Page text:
3. Heat pumps - currently the only available, scalable, and proven technology for fully decarbonising heat and hot water. Heat pumps can efficiently generate heat without direct carbon emissions. However, while they're an efficient solution for low temperatures, they're less effective for medium-to-high temperatures.
4. Biomass and waste boilers - in additional to being an excellent source of renewable energy, biomass can also be used to provide low-carbon heat. Biomass boilers and combined heat and power (CHP) systems produce heat and electricity using organic resources like agricultural waste.
5. Biogas/biomethane - can turn waste products into a sustainable and cost-effective source of heat and power. However, availability in the UK is limited, and the source of feedstock needs to be carefully considered to ensure it's truly carbon efficient.
What are some of the emerging solutions to decarbonise heat?
Several promising technologies are currently being developed to decarbonise heat within manufacturing. These include hydrogen, electroprocessing, and carbon capture, use and storage (CCUS). Each of these solutions will likely play a significant role in decarbonisation and is suitable for different temperatures and applications.
1. Hydrogen - not likely to be used for general heating and hot water in buildings due to scarcity, cost, and inefficiency concerns. However, it shows promise for very high-temperature processes where no other alternatives currently exist.
2. Electroprocessing - Direct electricity can be applicable in specific circumstances, such as short-duration and very high-temperature processes. It can achieve zero carbon emissions but may be less efficient than other technologies for longer-duration heating.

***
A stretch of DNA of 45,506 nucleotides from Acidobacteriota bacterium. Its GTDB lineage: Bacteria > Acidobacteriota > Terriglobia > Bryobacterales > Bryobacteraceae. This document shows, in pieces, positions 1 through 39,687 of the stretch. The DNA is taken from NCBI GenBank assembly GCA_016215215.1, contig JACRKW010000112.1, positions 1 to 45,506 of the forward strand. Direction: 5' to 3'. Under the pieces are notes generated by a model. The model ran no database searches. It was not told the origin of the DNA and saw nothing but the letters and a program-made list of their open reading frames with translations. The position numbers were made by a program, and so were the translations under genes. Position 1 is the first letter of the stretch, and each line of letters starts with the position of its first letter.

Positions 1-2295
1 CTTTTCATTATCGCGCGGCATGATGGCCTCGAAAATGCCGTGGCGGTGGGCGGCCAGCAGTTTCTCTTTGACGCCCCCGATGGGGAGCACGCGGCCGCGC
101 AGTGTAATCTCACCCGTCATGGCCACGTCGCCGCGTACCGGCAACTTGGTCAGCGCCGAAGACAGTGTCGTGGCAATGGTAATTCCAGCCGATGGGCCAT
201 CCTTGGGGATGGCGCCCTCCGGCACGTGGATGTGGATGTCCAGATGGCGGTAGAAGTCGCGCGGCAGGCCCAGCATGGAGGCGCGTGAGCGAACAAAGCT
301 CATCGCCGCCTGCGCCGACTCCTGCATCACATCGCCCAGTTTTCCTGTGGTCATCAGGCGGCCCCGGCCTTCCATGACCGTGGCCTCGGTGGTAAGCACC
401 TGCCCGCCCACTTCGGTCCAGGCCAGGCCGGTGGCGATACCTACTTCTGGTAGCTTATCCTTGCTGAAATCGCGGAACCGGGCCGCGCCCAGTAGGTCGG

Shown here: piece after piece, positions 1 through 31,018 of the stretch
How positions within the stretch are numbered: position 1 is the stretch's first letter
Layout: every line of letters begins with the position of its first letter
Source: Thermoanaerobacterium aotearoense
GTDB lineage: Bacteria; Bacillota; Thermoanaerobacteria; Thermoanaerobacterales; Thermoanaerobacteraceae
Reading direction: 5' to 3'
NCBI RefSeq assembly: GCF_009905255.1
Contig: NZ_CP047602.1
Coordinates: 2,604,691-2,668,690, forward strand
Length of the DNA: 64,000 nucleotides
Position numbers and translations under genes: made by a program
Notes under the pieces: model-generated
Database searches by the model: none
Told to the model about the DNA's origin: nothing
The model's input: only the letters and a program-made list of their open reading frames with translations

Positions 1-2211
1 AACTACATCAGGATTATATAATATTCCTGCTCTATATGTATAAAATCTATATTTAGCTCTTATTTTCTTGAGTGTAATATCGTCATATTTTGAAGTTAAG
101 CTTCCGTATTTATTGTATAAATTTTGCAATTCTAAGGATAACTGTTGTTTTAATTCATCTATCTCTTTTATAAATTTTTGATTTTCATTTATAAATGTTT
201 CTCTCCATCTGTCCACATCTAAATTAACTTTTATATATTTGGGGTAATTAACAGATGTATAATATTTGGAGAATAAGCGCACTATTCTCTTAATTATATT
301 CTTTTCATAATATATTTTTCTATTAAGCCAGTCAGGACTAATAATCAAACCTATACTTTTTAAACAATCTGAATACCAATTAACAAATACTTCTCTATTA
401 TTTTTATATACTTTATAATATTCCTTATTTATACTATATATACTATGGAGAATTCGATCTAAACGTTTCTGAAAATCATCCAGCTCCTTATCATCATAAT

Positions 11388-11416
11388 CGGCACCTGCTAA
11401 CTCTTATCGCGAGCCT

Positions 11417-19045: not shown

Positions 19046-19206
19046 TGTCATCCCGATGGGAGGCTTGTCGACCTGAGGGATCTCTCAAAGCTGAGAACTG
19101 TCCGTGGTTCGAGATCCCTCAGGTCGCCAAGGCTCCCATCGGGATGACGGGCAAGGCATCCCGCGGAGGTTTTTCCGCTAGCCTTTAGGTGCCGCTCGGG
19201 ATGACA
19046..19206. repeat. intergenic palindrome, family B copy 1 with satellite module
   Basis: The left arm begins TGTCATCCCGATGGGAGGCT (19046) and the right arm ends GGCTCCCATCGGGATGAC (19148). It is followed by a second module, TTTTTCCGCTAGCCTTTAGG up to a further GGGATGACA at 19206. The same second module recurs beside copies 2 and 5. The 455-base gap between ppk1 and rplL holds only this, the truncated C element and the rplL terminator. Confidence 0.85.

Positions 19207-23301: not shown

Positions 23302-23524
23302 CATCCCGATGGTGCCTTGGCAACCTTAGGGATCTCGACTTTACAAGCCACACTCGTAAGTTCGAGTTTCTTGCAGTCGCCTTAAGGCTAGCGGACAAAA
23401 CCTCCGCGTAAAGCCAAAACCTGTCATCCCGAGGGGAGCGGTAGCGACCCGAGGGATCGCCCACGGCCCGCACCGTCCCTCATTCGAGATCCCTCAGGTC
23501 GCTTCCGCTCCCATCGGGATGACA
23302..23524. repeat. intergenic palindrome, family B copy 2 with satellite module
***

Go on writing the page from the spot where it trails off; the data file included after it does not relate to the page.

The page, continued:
3. Carbon capture, use and storage (CCUS) - an emerging technology that holds huge promise. Once fully deployed at scale, CCUS is likely to play a central role in providing negative emissions.
To support a zero-carbon, lower-cost energy future and meet the goal of being carbon negative by 2030, Drax is developing Bioenergy with Carbon Capture and Storage (BECCS) technology. This transformative technology will contribute to decarbonising whole industries and organisations by enabling them to achieve negative emissions and address climate change.
How likely is it that the UK will succeed in decarbonising heat in time for the 2050 deadline?
The industry faces a significant challenge in decarbonising heat due to the enormous scale of heat used for processes requiring high temperatures. Unfortunately, this is an area of carbon emission reduction that has historically been neglected.
However, continuous advancements in low-carbon heating technologies including enhanced efficiency and availability are changing all of this. With the right level of urgency and investment, it's highly possible that we'll succeed. In the meantime, manufacturers should focus on developing a robust strategy which identifies the steps they can take today and the opportunities for the future.